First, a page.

An Epidemiologic Study of Sudden Death at Work.
University of Pittsburgh, Ph.D. Thesis (Unpublished), 1985:232 pages
A descriptive study of sudden death on the job and a case control study focusing on cardiac deaths at work were reported. According to county coroner records, 245 sudden deaths due to injuries and natural causes occurred from 1979 through 1982 while the decedent was at work in Allegheny County, Pennsylvania. The age adjusted death rate for natural causes for white males at work was 11.2 per 100,000; more than 90 percent of the deaths resulted from heart attacks, almost twice as high as the death rate for fatal injuries. In service occupations, the death rate at work from natural causes was 27 per 100,000, or 2.5 times as high as the rate for the general population of the county. The highest rates for fatal injuries were encountered in the construction industry (24.3 per 100,000), where nonroad vehicles accounted for 19 percent of the deaths, followed by ladders or scaffolds in 18 percent. Sixteen additional deaths or injuries occurred when another person attempted to assist the decedent or as a result of the incident. A case control study revealed that men who died at work from sudden cardiac death were more likely to be engaged in blue collar occupations than men who died off the job; the difference was statistically significant. About 1 percent of natural deaths and 7 percent of injuries were associated with levels of alcohol in the blood higher than 100 milligrams per milliliter. The author concludes that coroner records are a better source than state records for the identification of deaths at work in a well defined geographical region. Recommendations include a flip switch alert system for isolated workers, better training for confined space rescues, and improved maintenance of nonroad vehicles.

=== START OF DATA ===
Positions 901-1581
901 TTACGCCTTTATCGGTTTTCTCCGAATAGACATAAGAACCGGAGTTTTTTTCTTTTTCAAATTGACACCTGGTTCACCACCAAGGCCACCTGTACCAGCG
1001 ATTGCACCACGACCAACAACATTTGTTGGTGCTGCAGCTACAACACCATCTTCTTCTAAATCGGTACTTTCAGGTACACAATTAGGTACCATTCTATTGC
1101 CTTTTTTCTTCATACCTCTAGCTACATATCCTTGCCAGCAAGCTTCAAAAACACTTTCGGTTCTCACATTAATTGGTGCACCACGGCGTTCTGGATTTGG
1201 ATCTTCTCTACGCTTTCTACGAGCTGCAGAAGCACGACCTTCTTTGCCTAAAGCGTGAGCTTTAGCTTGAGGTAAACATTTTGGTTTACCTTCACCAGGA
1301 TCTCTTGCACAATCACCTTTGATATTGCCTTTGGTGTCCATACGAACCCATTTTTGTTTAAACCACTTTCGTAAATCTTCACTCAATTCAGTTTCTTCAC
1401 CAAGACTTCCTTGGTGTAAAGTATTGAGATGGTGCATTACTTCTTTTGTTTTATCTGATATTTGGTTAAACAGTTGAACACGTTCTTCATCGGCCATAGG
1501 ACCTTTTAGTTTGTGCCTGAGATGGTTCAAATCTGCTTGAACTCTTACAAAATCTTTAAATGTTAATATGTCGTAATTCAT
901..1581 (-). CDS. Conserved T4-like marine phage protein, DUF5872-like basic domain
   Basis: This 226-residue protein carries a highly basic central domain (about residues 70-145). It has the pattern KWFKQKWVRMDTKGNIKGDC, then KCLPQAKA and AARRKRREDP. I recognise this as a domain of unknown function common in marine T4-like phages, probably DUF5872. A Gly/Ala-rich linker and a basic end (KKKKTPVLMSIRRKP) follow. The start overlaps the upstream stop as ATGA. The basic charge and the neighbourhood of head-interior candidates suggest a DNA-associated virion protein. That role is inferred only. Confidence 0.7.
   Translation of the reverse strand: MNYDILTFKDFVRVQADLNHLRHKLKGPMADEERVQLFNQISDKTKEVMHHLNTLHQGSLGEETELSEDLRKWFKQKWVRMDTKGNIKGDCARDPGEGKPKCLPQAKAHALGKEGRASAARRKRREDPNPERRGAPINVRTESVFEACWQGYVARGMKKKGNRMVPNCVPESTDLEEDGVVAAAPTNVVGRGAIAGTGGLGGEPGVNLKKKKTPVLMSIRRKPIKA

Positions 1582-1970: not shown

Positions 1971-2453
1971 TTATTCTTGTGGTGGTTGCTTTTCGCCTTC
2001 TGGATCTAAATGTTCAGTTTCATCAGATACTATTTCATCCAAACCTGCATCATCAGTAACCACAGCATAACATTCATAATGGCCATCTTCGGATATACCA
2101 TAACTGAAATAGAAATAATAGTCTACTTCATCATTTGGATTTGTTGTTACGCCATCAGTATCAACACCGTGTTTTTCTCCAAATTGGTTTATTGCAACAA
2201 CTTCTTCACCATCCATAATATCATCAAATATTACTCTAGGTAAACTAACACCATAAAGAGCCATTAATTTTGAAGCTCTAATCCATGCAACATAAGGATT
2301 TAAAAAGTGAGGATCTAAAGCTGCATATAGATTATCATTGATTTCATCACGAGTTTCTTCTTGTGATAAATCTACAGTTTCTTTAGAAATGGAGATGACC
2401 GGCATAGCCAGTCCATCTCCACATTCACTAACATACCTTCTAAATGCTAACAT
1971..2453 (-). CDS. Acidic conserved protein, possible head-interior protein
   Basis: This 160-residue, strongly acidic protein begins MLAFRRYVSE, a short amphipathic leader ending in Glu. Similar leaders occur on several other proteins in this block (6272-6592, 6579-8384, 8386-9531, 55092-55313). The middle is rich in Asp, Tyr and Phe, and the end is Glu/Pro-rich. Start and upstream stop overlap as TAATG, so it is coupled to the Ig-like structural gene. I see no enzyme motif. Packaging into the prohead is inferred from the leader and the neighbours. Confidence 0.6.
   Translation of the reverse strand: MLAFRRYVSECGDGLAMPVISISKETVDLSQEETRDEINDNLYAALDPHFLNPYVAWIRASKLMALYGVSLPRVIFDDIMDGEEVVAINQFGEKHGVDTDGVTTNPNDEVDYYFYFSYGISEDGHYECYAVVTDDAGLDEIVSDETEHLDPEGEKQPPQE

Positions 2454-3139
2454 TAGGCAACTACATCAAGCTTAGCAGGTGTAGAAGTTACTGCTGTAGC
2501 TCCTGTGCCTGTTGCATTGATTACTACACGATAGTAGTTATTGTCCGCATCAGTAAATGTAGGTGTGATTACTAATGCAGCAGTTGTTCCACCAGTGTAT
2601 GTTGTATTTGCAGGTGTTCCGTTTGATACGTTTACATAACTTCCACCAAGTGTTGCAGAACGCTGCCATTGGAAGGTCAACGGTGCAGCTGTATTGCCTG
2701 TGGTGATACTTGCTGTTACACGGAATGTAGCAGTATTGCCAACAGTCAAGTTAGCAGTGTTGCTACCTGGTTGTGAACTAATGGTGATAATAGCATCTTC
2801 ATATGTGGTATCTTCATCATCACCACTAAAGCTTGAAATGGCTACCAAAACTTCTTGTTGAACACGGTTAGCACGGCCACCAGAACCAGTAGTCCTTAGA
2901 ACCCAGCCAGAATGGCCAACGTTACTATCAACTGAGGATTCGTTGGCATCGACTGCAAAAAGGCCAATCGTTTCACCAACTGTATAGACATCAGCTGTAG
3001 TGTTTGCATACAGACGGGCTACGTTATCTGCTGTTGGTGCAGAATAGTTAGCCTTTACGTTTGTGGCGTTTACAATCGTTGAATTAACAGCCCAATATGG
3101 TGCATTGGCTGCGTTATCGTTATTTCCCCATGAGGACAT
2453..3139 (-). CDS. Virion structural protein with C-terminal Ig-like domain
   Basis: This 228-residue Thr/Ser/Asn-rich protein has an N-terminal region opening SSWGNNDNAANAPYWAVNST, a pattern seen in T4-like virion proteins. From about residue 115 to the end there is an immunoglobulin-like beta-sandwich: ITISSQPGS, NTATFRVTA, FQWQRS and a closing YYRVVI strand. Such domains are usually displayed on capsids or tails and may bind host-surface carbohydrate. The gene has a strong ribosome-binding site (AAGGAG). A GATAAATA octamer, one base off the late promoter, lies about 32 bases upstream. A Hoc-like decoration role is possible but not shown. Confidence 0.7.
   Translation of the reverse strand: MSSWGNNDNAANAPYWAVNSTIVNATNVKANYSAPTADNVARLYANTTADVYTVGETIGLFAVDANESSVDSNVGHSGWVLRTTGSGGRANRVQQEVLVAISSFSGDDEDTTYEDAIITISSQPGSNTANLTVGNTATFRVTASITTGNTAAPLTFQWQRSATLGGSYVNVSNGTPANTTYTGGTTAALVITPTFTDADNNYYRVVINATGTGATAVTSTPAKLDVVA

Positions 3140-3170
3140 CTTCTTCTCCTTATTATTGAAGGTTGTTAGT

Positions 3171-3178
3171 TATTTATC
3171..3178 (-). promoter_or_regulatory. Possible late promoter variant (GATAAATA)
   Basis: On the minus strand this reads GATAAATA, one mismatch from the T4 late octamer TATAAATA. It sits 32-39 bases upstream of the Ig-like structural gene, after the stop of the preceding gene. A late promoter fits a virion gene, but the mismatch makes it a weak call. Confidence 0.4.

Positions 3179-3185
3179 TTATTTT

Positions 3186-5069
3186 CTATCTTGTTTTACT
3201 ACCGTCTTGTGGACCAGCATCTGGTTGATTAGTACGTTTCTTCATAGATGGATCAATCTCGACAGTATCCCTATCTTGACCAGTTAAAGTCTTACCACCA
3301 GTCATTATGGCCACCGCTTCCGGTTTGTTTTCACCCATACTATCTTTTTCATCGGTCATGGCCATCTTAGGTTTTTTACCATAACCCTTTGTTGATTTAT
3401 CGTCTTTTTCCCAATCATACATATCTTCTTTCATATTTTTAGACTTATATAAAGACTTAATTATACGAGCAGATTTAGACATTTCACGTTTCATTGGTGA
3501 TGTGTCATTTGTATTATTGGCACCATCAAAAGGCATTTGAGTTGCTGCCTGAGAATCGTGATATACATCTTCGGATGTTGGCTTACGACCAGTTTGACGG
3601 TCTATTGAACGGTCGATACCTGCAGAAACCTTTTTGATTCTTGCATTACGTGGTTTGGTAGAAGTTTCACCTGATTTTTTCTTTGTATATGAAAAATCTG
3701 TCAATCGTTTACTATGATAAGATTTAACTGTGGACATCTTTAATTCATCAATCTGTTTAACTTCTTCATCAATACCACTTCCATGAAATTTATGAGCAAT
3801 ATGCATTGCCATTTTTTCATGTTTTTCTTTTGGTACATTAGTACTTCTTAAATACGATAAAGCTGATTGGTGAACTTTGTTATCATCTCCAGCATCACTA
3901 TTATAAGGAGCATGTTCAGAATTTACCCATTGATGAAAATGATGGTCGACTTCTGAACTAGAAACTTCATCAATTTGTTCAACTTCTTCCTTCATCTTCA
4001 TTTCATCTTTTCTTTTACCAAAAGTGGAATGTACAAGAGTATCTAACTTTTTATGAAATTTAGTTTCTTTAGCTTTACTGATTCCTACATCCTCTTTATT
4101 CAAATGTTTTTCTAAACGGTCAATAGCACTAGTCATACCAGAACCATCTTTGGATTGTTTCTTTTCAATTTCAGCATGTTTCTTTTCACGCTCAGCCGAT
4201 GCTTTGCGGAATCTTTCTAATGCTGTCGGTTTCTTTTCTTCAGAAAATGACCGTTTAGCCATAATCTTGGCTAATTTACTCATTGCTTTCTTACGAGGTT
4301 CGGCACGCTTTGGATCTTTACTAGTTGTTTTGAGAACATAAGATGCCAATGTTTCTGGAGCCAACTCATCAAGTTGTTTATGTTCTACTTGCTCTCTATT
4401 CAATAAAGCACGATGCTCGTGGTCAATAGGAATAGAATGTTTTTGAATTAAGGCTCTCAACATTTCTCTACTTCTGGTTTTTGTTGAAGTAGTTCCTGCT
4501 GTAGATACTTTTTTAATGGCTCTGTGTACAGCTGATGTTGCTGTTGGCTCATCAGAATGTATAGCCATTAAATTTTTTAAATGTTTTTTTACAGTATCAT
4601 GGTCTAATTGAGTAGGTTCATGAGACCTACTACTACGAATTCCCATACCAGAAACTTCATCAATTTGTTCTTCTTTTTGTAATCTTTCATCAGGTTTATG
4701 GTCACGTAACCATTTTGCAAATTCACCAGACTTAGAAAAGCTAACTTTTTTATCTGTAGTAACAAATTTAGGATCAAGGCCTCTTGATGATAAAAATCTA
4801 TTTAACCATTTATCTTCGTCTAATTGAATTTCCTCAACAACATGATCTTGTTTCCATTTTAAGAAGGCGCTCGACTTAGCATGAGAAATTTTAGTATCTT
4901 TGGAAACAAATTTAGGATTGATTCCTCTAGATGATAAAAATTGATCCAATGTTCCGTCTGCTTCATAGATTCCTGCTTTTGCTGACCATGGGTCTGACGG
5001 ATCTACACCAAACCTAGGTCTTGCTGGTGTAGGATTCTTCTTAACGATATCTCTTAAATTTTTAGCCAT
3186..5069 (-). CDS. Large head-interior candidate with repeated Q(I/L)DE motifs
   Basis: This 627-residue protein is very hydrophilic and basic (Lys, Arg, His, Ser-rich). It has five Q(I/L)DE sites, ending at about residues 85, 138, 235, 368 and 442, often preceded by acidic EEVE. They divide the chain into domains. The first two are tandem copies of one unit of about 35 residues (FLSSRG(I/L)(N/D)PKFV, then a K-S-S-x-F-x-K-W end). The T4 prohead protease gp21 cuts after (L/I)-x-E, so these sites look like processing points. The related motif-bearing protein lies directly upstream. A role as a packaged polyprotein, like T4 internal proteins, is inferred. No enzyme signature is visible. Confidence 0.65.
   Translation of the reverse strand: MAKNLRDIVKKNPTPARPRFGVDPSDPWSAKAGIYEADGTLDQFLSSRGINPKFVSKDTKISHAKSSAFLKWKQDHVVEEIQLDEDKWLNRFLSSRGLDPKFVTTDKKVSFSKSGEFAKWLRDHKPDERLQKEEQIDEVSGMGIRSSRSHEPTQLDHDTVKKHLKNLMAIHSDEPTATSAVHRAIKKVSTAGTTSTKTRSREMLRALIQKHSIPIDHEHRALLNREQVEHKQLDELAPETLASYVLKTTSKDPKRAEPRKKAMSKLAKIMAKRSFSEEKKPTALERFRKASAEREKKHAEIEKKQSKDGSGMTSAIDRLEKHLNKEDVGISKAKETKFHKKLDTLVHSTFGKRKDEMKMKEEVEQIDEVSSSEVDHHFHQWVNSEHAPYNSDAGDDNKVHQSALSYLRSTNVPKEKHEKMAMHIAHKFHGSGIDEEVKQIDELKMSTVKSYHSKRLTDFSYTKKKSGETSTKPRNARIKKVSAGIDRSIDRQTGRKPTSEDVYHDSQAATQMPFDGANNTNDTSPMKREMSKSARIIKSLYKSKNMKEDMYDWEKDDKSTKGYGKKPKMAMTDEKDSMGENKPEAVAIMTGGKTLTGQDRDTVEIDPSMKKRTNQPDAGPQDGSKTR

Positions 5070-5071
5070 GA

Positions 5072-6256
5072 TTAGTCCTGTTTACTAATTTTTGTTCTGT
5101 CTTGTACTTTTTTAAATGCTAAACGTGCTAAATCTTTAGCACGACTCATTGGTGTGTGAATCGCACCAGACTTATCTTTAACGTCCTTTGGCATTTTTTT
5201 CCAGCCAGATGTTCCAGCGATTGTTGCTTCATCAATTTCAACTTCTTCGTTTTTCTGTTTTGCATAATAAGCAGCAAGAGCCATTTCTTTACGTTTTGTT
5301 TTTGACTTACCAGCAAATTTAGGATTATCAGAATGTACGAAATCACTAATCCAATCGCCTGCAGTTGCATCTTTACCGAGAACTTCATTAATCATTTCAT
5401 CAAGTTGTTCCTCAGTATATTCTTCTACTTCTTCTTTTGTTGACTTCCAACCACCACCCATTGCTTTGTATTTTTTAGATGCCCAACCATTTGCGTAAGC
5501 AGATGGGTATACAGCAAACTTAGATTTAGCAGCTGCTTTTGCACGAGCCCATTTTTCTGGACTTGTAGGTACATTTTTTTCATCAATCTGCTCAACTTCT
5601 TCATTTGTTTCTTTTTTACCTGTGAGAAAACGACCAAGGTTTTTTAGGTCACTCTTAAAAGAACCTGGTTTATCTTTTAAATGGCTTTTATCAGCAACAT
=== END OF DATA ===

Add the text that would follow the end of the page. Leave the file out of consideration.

Epidemiology; Occupational-health; Mortality-surveys; Mortality-rates; Age-factors; Accident-statistics; Myocardial-disorders; Cardiovascular-system-disorders;
Special Populations; Work Environment and Workforce;
University of Pittsburgh, Ph.D. Thesis (Unpublished), 232 pages, 124 references